As well as working with great clients from the outset, Isabel + Helen have kept up a considerable personal practice alongside their commercial work, and this continues to inform their commissions. As Chesney affirms. "[Our personal projects] show people what we’re about, and we’re often offered more jobs as a result – we’ve been really lucky in that respect. But we also learn so much from the challenge of a brief, you can go on forever without limitations, especially when there’s two of you."

On Mechanisms
This April, Gibson and Chesney participated in Pick Me Up, Somerset House's celebrated annual illustration and arts fair – a challenge they were happy to take on because, according to Gibson, "we got to show our 3D work in an illustration context. And we also got to learn more about mechanics. We wanted to create these moving pieces which would, in turn, create a 2D piece, a print inspired by what we had made. Each instrument had its own character, formed from scraps of wood laid out according to the movements they made. It was a nice way to work, rather than drawing something first and thinking ‘OK, now I’ll just make it’," she adds.

Similarly, their work at Selfridges, exhibited in the store's lauded windows over Christmas 2015, saw the twosome design and produce a series of exquisite displays that explored the scale of the universe – each depicting a fact or theory. Their ideas were certainly ambitious, as Chesney notes, "We had a lot of mechanics to install over just two nights. There wasn’t time to test it in situ, and we had a few problems, but everything came together. We learnt loads, and it’s still one of our favourite projects. We were talking about why we like doing window displays, and it’s because they are open to the public. It’s less about designing for designers."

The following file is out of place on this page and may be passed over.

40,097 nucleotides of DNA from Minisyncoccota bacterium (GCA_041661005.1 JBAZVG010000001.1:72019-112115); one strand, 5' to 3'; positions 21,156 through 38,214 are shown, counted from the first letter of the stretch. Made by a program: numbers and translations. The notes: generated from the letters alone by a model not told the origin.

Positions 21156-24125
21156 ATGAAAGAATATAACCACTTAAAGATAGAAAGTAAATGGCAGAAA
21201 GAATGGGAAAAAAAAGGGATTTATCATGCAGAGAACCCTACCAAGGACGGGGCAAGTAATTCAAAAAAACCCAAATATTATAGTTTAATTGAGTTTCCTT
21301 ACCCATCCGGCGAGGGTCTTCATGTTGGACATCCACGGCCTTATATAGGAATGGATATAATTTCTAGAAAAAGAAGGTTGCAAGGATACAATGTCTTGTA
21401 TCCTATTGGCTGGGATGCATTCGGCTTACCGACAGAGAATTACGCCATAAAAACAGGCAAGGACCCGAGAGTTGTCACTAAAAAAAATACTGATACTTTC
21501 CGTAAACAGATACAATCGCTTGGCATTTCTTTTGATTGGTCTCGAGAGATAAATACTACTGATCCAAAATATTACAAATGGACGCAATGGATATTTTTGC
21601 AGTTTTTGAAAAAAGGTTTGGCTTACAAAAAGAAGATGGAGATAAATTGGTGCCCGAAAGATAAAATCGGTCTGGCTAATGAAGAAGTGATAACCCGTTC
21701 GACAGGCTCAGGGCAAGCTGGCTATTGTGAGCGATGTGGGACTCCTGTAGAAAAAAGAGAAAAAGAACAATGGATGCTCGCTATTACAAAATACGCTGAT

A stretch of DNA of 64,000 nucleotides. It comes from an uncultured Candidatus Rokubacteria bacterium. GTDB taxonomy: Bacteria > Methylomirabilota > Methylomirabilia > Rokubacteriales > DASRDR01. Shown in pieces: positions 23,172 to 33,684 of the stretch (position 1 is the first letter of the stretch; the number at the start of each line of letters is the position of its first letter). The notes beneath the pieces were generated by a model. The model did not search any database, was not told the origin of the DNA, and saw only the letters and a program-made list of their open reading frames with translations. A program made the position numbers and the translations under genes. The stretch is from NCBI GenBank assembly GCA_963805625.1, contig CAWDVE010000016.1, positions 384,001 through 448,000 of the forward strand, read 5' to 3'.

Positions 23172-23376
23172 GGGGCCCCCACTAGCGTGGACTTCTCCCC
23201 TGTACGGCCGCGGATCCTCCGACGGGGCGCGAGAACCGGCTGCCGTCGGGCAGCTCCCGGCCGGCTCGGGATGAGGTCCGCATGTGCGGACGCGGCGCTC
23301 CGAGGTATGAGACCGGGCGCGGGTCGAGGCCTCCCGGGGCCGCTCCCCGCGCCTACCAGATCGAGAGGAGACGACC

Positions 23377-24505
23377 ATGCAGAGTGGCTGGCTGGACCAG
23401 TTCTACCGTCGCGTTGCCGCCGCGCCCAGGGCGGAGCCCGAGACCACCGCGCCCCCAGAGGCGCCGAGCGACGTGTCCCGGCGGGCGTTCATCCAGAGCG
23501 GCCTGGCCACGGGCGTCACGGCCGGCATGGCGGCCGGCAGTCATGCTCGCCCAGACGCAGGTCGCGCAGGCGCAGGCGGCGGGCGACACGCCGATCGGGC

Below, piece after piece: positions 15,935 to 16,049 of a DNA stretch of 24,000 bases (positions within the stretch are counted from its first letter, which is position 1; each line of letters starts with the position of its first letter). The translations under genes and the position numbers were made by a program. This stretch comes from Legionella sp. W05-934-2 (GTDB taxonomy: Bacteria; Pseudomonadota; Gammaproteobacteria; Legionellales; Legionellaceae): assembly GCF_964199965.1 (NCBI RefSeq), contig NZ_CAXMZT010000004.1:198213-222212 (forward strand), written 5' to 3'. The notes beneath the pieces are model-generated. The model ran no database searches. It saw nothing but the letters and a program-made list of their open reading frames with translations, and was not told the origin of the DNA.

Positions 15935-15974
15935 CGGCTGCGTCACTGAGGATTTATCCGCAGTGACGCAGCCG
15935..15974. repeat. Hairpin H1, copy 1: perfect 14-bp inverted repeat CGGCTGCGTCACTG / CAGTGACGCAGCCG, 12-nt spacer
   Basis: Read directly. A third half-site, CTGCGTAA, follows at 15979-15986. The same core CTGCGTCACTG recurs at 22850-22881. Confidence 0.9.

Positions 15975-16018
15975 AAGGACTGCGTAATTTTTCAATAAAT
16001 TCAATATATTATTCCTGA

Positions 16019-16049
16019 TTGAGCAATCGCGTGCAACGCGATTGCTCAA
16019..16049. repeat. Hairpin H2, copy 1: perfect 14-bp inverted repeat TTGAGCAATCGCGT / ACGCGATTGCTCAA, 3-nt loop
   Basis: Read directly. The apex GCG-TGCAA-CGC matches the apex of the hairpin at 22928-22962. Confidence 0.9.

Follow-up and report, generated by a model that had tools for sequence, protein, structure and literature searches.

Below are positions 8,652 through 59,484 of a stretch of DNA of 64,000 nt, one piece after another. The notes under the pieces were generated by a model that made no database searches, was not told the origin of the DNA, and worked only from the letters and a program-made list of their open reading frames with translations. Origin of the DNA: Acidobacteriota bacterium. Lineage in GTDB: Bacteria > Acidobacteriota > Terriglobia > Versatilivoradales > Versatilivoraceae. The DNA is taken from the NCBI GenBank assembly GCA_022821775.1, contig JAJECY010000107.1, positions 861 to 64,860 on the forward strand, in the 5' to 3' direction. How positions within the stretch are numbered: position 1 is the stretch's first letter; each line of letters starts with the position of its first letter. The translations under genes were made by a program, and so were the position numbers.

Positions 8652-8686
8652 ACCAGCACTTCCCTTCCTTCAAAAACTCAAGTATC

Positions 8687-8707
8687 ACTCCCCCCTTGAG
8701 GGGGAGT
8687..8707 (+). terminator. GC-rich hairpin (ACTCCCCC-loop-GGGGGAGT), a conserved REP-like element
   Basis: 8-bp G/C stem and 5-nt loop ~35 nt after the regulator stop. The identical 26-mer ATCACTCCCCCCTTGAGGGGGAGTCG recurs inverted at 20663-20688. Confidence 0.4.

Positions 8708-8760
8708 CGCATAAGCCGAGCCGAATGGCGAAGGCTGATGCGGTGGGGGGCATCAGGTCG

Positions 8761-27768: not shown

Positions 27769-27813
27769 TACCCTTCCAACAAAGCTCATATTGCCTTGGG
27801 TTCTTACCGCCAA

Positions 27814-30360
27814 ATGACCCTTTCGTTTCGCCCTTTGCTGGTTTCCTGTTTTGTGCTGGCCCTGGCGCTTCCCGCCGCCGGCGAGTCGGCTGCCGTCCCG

On Dancers
Indeed, 'designing for designers' is a far cry from Gibson and Chesney's working mantra, so the opportunity to create a piece which would be shown to celebrate the opening of Tate’s Switch House this summer was a particularly exciting moment. They were asked to respond to an artwork in the collection, which given its scope was no easy feat. "There were loads of amazing sculptural works or performance pieces but we didn’t want to simply reinterpret something in a way that would be a bad version of the original," Gibson recalls. "We had come up with loads of ideas, but then we saw Picasso’s Three Dancers and just thought – we could make three dancers."

They were enthused by the prospect of creating an engaging and entertaining solution for the Tate's diverse audience from the renowned artist's work. "We wanted it to be a really immediate, light-hearted response," adds Chesney, "and air dancers are so satisfying to watch, they have this incredible rhythm to them." Again, the potential for experimentation in dimensions appealed to the duo, as well as the fact that Picasso would be unavailable to air his views on their interpretation. "It was better to do something that could go from 2D to 3D," Gibson concludes, "and it was also good to choose an artist that wasn’t around anymore – what would Picasso say?"